Analog Science Fiction and Science Fact, January/February 2004

Both Analog and Asimov’s announced during 2003 that they would be publishing one issue less per year : moving to two double-month issues, and eight single-month issues. This is the first of the two double-month issues of the year, to complement the July/August double issue.

Ramona Louise Wheeler. Inherit the Vortex.

Further adventures of Ray and Rokey, who have appeared in three previous stories in Analog. Captain Ray Harris (human) and Lord Rokhmyr, a fur-covered non-human, are chased by the evil Dr Whorley (bwa ha ha ha), and put down on a remote planet. Their presence awakeness a subterranean creature, who is invigorated by them, and they are lucky to leave the planet in one piece (actually not one piece, as they leave some of their landing equipment behind). Dr Whorley and his crew are not as lucky.

The couple come across an antiquity of shattering importance to Rokhmyr and his race, which needs to be hidden. Where better than in the deep oceans of the aquatic world.

The story ends with the alien intelligence gratefully accepting and integratingthe treasure which they leave – which really is the point at which I expected the story to start, not end!

Grey Rollins. Private Eyes.

A wise-cracking private dick story with a difference – the private dick is in a newly grown body, with a copy of his own uploaded AI also in his computer system, so that they can bounce wise-cracks off each other.

The crime he has to solve (if there has been a crime) is that of why a scientist is now evidently addicted to pain through synesthiastic rewiring of her brain after an accident. Is there foul play afoot?

Kyle Kirkland. Caged.

Scientist Danton Grell has a conundrum to resolve when his grand-daughter is arrested on a felony charge. He has to resolve issues over the work/family balance as well as solving the science behind the crime.

Marie Ming. Swings.

Student Haydon has a conundrum to resolve – what is up with his alien foster brother Macarduboth, and Raya, who has clinical depression. Fortunately Haydon is a bright boy and is able to identify the genetic problems from which Raya is suffering, and thereby removing Macarduboth’s cause for worry.

Stephen L. Burns. Short line loco.

Kendra Zenna Joad has a lunar condundrum to resolve. How to stop a terrorist bomb detonating when the only transport available isn’t anywhere near fast enough to get to where the bomb has been planted before it explodes? A bit of lateral thinking, and vertical bouncing, solve the problem.

Richard A. Lovett. Weapons of Mass Distraction.

Little more than a ‘Probabilty Zero’ item, in that the dangers of relying on computer pattern recognition software in the fight against terrorists is shown to be unsafe.

Robert J. Sawyer. Shed Skin.

After uploading himself to a glorious robotic self, the old body and brain are left to live out their life in a luxurious retirement complex. However, the old body and brain are not enamoured of this fate, against which they rebel. New body and brain have a watertight case and refuse to countenance the old body and brain being the rightful legal entity, but old body and brain are cunning, and a hostage situation puts the new body and brain in a conundrumical situation. Having stuck to his guns, new body and brains finds that the fatal resolution of the hostage situation is in fact more than he can take, and despite his new housing he remains human.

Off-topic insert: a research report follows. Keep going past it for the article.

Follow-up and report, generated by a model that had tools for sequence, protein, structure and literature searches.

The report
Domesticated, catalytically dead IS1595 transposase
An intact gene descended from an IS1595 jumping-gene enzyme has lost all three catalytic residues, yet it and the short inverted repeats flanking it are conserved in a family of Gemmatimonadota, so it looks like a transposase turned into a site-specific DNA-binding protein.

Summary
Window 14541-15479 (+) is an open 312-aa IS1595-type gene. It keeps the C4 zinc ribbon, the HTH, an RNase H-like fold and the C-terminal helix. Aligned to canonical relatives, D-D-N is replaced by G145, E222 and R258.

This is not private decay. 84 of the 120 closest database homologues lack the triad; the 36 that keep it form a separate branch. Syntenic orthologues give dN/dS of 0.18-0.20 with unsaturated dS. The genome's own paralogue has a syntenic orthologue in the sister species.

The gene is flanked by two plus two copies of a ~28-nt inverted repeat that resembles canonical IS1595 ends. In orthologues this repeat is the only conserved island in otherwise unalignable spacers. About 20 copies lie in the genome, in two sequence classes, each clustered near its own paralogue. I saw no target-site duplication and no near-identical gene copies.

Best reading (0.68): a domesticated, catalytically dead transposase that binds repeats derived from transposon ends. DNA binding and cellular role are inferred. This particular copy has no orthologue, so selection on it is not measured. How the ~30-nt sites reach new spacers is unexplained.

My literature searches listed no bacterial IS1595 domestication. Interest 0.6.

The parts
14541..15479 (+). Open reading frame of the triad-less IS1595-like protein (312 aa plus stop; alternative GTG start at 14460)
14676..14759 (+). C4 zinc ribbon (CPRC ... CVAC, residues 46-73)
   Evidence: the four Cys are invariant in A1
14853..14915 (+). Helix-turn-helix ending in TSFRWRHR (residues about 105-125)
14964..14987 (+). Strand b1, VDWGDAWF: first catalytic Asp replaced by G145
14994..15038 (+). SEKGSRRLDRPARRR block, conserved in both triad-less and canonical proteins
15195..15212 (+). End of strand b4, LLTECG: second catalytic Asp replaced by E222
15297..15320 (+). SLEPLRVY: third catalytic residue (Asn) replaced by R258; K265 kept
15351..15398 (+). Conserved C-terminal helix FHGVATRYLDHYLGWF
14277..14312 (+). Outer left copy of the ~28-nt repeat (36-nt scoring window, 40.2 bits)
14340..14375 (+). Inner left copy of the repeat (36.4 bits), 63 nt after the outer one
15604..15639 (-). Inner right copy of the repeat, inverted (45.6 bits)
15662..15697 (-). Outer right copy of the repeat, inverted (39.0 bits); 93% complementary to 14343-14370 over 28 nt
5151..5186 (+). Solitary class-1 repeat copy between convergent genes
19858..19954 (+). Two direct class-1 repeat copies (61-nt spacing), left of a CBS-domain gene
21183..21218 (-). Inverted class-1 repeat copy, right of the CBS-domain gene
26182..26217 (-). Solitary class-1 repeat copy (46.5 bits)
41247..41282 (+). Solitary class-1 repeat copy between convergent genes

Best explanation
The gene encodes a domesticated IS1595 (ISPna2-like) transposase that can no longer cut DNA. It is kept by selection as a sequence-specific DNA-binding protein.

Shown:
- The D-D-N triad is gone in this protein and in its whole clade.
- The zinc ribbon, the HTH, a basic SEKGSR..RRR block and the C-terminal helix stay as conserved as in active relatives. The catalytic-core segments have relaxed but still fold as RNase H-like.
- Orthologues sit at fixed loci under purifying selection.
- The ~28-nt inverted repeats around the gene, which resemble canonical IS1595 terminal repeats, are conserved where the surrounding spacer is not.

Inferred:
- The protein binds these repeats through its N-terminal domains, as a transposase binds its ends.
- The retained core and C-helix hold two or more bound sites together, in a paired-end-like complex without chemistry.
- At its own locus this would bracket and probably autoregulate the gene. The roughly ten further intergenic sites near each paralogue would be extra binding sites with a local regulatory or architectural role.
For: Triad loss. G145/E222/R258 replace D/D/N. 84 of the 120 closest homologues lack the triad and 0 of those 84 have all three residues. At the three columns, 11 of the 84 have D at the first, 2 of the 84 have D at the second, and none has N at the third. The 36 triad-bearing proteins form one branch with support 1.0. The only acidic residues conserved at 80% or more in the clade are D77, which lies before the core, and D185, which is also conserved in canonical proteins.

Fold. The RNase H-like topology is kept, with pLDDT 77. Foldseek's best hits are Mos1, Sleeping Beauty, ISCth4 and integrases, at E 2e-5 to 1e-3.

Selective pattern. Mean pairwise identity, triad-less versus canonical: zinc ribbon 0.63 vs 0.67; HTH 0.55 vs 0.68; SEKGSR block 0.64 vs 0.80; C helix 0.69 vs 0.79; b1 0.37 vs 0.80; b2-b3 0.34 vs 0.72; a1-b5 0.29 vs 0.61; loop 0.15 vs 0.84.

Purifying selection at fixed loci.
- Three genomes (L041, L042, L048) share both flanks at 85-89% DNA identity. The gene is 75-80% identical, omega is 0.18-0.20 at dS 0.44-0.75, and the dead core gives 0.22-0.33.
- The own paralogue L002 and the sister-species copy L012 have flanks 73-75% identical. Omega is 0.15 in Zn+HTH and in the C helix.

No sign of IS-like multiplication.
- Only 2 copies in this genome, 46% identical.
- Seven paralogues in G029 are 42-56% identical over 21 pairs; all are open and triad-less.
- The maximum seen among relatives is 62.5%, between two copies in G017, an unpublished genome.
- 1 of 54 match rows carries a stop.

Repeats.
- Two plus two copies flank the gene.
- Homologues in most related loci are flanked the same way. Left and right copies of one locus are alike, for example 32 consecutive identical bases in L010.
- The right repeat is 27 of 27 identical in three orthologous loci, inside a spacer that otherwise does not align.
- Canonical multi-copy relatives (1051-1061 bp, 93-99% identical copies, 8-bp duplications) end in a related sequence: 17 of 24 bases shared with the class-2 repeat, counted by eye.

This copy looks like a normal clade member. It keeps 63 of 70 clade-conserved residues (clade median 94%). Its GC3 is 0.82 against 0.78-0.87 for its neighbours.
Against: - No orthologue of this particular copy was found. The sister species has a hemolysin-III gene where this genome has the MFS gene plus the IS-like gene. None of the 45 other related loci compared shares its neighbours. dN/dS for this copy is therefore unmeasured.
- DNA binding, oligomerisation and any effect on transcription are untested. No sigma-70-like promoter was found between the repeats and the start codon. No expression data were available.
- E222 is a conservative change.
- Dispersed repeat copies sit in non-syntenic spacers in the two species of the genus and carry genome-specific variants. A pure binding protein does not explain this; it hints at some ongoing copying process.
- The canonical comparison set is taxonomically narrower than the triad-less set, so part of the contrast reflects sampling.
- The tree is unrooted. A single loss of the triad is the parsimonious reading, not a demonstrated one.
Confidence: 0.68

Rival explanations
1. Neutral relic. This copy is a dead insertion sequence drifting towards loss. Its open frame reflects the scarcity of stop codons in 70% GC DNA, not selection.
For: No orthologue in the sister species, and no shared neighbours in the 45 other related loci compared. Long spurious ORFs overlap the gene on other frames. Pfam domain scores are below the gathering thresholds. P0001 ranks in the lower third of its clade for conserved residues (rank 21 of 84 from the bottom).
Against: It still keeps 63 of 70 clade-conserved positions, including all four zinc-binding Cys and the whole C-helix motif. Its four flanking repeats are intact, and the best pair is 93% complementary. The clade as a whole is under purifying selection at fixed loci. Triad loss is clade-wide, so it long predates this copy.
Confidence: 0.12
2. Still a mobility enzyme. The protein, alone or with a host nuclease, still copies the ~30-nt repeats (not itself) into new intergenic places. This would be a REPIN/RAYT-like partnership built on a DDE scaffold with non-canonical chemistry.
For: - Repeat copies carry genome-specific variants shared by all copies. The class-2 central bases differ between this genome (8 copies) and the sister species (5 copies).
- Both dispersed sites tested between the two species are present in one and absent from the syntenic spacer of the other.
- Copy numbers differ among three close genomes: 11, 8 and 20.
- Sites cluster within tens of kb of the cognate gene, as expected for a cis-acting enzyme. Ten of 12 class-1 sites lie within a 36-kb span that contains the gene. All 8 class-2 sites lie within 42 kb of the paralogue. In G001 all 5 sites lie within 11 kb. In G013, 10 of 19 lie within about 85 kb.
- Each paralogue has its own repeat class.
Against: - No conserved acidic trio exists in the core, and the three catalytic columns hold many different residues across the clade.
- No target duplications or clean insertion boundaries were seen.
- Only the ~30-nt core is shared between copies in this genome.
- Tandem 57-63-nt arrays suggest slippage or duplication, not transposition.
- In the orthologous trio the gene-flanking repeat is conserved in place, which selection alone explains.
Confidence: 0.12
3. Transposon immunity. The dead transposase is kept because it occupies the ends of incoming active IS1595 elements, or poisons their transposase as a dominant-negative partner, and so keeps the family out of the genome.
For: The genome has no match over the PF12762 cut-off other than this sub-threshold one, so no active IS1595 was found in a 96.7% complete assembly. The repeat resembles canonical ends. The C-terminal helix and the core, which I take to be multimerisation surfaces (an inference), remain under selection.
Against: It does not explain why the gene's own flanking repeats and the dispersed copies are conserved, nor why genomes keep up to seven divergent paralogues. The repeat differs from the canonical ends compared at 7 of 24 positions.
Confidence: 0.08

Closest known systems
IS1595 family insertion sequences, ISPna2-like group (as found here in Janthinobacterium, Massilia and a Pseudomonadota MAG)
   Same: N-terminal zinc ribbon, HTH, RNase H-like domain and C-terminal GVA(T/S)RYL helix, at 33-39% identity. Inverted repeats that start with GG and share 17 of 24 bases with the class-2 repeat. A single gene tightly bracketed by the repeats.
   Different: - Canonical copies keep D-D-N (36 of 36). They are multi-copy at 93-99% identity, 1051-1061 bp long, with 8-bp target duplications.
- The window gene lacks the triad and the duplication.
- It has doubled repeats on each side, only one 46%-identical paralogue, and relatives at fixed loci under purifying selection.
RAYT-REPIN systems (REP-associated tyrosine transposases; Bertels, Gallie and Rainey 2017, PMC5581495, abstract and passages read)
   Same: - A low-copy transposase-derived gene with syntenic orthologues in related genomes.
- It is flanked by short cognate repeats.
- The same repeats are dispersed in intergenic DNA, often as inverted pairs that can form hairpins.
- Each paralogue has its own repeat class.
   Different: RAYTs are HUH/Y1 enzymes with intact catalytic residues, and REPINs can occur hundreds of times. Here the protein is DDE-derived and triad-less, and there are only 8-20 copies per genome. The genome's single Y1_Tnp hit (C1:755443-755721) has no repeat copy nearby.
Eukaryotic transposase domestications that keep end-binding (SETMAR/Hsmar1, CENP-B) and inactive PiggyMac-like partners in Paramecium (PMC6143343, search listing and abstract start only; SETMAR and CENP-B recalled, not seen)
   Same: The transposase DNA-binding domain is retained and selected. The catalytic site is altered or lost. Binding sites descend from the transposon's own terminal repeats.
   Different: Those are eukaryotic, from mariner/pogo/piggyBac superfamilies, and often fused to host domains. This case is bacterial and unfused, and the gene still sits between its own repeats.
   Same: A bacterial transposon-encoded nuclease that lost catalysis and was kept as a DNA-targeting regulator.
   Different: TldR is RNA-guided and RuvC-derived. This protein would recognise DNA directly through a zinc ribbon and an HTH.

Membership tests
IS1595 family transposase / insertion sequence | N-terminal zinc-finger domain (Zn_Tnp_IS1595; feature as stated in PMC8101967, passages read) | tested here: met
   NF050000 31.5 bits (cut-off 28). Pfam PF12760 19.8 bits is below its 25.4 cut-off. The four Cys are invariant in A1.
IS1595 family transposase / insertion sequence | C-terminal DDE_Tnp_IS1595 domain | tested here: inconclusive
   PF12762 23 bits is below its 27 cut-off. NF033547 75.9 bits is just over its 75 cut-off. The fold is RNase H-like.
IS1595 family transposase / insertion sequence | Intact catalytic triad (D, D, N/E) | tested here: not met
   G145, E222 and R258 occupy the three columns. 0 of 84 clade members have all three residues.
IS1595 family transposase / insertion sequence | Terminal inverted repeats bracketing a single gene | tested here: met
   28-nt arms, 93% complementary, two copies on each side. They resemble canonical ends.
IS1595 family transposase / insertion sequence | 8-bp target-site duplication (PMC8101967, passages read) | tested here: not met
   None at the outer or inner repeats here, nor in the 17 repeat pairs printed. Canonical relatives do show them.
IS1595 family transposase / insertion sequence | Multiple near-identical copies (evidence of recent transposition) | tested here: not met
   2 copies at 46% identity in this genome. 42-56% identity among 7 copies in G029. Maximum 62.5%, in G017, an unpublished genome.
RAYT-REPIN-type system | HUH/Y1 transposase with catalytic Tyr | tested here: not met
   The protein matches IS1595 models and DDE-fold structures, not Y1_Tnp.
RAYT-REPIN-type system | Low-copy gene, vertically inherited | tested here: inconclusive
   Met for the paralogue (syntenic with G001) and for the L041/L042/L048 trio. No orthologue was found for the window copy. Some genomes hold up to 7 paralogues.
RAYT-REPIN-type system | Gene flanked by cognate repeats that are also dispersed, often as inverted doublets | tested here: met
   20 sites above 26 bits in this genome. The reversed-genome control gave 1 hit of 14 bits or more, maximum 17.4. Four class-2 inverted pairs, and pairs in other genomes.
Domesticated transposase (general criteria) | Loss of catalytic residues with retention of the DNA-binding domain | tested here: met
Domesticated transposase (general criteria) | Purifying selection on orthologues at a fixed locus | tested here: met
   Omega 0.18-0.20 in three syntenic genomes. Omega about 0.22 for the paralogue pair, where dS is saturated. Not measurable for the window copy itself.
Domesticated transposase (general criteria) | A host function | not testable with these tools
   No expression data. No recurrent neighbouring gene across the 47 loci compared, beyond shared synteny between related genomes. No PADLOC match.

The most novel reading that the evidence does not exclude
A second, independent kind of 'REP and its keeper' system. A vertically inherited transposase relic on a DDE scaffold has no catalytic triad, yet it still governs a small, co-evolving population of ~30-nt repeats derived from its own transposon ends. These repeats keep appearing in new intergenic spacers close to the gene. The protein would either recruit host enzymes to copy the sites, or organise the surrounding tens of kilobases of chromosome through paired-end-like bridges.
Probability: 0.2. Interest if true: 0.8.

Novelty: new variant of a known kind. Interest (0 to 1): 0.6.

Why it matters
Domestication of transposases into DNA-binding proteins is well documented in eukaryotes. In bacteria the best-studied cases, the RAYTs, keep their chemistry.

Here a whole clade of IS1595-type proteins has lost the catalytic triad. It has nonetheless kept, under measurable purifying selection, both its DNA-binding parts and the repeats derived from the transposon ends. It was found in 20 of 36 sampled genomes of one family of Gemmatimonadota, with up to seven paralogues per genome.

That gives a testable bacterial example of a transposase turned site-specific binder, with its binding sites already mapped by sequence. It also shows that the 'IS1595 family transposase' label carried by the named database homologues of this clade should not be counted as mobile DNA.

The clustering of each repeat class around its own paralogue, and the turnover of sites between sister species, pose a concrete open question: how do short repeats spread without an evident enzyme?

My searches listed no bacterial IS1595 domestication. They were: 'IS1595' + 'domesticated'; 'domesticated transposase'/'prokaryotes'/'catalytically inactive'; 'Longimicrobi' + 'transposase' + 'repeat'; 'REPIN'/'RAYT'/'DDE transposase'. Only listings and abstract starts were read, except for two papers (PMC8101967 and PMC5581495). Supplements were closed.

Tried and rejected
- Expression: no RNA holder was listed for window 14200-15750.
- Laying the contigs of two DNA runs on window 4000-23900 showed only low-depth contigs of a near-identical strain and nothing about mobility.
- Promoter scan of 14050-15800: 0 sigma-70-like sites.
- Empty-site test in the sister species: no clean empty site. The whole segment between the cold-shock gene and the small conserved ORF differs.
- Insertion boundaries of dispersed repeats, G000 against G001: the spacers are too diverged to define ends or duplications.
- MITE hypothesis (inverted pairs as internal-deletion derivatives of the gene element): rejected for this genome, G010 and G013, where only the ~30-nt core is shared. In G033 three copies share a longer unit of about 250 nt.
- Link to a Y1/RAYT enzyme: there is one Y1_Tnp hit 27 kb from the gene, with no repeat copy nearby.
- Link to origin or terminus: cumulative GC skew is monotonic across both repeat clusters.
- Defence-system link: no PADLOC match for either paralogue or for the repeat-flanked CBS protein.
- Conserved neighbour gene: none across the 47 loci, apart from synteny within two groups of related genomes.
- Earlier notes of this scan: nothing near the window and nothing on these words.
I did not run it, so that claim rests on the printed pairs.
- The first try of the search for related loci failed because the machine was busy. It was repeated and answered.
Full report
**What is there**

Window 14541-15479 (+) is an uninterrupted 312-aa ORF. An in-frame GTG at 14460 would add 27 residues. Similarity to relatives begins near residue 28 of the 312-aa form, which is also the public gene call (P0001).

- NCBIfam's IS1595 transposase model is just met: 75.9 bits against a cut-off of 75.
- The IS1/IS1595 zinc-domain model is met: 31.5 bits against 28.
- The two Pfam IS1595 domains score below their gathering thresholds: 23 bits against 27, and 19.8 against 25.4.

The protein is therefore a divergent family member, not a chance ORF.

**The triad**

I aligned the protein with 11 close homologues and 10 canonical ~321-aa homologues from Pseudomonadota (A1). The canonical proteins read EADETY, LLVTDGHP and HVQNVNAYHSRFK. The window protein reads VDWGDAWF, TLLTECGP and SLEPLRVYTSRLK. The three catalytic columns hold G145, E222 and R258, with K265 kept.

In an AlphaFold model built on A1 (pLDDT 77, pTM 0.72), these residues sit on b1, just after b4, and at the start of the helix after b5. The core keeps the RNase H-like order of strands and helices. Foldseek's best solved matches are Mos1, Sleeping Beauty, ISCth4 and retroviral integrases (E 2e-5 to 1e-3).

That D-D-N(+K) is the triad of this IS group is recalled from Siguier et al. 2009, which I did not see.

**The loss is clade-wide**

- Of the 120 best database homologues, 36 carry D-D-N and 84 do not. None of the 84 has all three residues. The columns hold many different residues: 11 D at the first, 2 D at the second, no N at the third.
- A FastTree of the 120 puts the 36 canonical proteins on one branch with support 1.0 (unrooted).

Michael A. Burstein. Decisions.

Creaky plot and characterisation which probably would have passed muster in the 1950s, but not the 2000s. Commander Aaron Eliassen comes back from a space mission to find himself apparently back on Earth before he left. Kept incommunicado by those on Earth who reckon it best for him to stay out of sight, he escapes through the age old trick of pretending to be asleep when his guard brings a meal, and utilising ‘the lock picking skills he had taught himself at college’. Aaron then confronts his own self prior to the mission launch and swops places. Masquerading as his doppelganger until the launch, Aaron retraces his steps into space. However, he meets up with ‘alien creatures’ who explain what has in fact really been happening. He struggles with their names, so decides to call them ‘George’ and ‘Gracie’ (no, really). Anyway its one of those test-thingies by which each race is measured to determine whether they are fit to enter the galactic community.

F. Gwynplaine MacIntyre. Annual Annular Annals.

(B)anal ‘humor’.

Bob Buckley. The Dragon Wore Trousers.

Short tale suggesting an alternative reason for the dragon-mythology of Arthurian times.

Steven Bratman. Deletion.

A near-future in which friendships, and all manner of other social relationships are rigorously deliniated, and in which biological bonds are limited (but otherwise an identical society to our own). Bratman uses this scenario to show just how soulless such a society would be.

Alec Nevala-Lee. Inversus.

A writer translating Alice Through The Looking Glass into Hebrew triggers horrors from the other side of the mirror. He has ‘situs inversus’, a condition in which the organs in the body are on the opposite side to ‘normal’, a condition shared by a number of men brutally murdered on the night he himself is attacked. He is able to save the day with the help of a clever investigator who graps the scientific conundrum.

Conclusion.

Rather a struggle to get through, to be brutally frank. Now I can get on with reading the books I got from Santa!

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